Comparing Protobuf, JSON, BSON, XML with .NET for File streams

This post compares the Serialization to files using Protobuf, Json.NET (Newtonsoft) JSON and BSON, Servicestack Json and plain .NET Xml. The test measures the whole operation and not just serialization to a memory stream.


For Serialization, the tests use an Object class with int, double, string, Object properties and also a List of Objects. The tests can set the amount of child objects. The tests are repeated for different sizes. The results remain consistent for file of all sizes up to 100MB. The results will always be different for different hardware, operating systems be what remains the same is the relative difference between the serializers.

Test program class:

using System;
using System.IO;
using System.Text;
using SerializationToFiles.Serializers;
using FileAccess = SerializationToFiles.Serializers.FileAccess;

namespace SerializationToFiles
    internal class Program
        private static int _counter = 1;
        private static void Main(string[] args)
            const int repeatTestNTimes = 10;
            DoTestForNObjects(50, repeatTestNTimes);
            DoTestForNObjects(500, repeatTestNTimes);
            DoTestForNObjects(5000, repeatTestNTimes);
            DoTestForNObjects(50000, repeatTestNTimes);

        static void DoTestForNObjects(int amount, int repeatTest)
            _counter = 1;
            FileAccess.ExcelResultsReadAndWrite = new StringBuilder();
            FileAccess.ExcelResultsRead = new StringBuilder();
            FileAccess.ExcelResultsWrite = new StringBuilder();
            FileAccess.ExcelResultsSize = new StringBuilder();

            FileAccess.AmountOfChildObjects = amount;
            FileAccess.ExcelResultsReadAndWrite.Append("Protobuf, Newtonsoft Json,Newtonsoft Bson, ServiceStack Json, .Net Xml" + Environment.NewLine);
            FileAccess.ExcelResultsRead.Append("Protobuf, Newtonsoft Json,Newtonsoft Bson, ServiceStack Json, .Net Xml" + Environment.NewLine);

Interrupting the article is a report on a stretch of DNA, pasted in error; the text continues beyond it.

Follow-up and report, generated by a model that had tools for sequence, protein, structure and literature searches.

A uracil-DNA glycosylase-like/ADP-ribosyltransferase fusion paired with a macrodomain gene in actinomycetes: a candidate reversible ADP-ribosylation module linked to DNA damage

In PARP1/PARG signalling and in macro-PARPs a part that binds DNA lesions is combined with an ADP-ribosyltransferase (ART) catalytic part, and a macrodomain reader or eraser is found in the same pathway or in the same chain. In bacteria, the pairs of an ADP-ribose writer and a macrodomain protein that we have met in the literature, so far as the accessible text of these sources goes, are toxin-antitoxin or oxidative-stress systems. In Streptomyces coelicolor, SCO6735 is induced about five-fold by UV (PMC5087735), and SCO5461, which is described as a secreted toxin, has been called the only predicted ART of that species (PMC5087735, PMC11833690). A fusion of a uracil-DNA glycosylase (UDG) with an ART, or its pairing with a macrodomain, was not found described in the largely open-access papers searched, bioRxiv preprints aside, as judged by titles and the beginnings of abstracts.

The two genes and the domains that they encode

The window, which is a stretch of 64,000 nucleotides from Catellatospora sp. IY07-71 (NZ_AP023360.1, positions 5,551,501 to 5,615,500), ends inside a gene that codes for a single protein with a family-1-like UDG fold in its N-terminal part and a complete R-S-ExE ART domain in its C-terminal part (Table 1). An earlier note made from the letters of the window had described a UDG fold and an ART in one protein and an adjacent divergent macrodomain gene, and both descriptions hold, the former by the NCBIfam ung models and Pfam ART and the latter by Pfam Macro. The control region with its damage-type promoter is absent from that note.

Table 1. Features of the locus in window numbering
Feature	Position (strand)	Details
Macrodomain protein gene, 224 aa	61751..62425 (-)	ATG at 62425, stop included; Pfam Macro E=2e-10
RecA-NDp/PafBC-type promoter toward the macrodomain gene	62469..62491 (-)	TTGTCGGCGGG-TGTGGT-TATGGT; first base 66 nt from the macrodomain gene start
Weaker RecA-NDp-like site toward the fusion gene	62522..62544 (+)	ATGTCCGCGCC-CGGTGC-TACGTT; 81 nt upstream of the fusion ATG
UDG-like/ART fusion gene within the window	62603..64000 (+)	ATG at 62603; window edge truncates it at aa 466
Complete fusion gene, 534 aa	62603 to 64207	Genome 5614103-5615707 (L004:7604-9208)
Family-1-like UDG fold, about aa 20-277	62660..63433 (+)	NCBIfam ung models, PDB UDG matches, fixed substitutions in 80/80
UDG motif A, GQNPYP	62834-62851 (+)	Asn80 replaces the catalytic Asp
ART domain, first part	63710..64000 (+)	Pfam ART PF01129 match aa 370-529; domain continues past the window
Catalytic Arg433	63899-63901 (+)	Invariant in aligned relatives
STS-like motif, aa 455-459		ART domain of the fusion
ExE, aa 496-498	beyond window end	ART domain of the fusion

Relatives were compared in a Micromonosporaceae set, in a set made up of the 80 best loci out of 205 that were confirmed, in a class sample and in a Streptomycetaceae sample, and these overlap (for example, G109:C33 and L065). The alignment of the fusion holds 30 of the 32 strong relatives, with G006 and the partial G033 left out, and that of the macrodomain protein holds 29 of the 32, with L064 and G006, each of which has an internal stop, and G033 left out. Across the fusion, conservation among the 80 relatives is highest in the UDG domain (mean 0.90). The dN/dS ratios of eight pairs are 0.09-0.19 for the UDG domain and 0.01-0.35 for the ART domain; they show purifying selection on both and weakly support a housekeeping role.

FileAccess.ExcelResultsWrite.Append("Protobuf, Newtonsoft Json,Newtonsoft Bson, ServiceStack Json, .Net Xml" + Environment.NewLine);
            FileAccess.ExcelResultsSize.Append("Protobuf, Newtonsoft Json,Newtonsoft Bson, ServiceStack Json, .Net Xml" + Environment.NewLine);

            while (_counter < repeatTest)
                Console.WriteLine("Test {0}", _counter++);


            WriteCsv("Results/ExcelResultsReadAndWrite" +amount + ".txt", FileAccess.ExcelResultsReadAndWrite);
            WriteCsv("Results/ExcelResultsRead" + amount + ".txt", FileAccess.ExcelResultsRead);
            WriteCsv("Results/ExcelResultsWrite" + amount + ".txt", FileAccess.ExcelResultsWrite);
            WriteCsv("Results/ExcelResultsSize" + amount + ".txt", FileAccess.ExcelResultsSize);
        private static void WriteCsv(string path, StringBuilder results)
            DirectoryInfo dir = new DirectoryInfo("Results");
            if (!dir.Exists)

            File.WriteAllText(path, results.ToString());

The protobuf read and write methods are shown underneath. All File serializers are implemented similar. The read does not use the result object. This is not required for the test.

private static long WriteProtobuf(string path)
 using (Stream file = File.Create(path))
     Serializer.Serialize(file, GetTestObjects());

  return new FileInfo(path).Length;

private static void ReadProtobuf(string path)
   SimpleTransferProtobuf simpleTransferProtobuf;
   using (Stream file = File.OpenRead(path))
      simpleTransferProtobuf = Serializer.Deserialize<SimpleTransferProtobuf>(file);

The tests are saved to txt files in a csv format. These files were then imported into an excel and the average was calculated for each serializer.

Protobuf has the best read performance and Servicestack the worst. It is surprising to see that plain XML serialization is the second fastest in these tests.

The following diagram displays the write times in milliseconds for the same object using the different serialization techniques. ServiceStack is the fastest of the JSON types. Again protobuf is the best.

The following diagrams displays the total read and write time together. Again Protobuf is the best.

This diagram displays the size of the resulting file for the same object. Protobuf is the smallest. The Xml file is the largest. The difference between the JSON serializers and Protobuf is not so large.

Protobuf is by far the best of all the serializers in terms of speed and size. If you require a readable format, depending on your requirements you can choose any of the other ones. If size is not important, the plain .NET XML serializer is the best after Protobuf.

When serializing small files, the first read, write takes much longer than the following read/writes. This could be relevant when designing your system or you need to optimize for speed etc.



  1. […] protocol buffers are 3-10 times smaller, and 20-100 times faster than XML. Also check out this post by Damien Bod where he compares the read and write times between popular […]

  2. Yuval · · Reply

    Hi, very interesting article,
    As I’m considering to implement RESTfull interface using ProtoBuf I wonder what will be the results if I will be using Protobuf instead of Multipart Form data as a way to upload a file in HTTP request.
    Maybe you have such test results? Do you recommend doing that?

  3. […] XML 的标签名或 JSON 的字段名,更为轻量, 更多参考 […]

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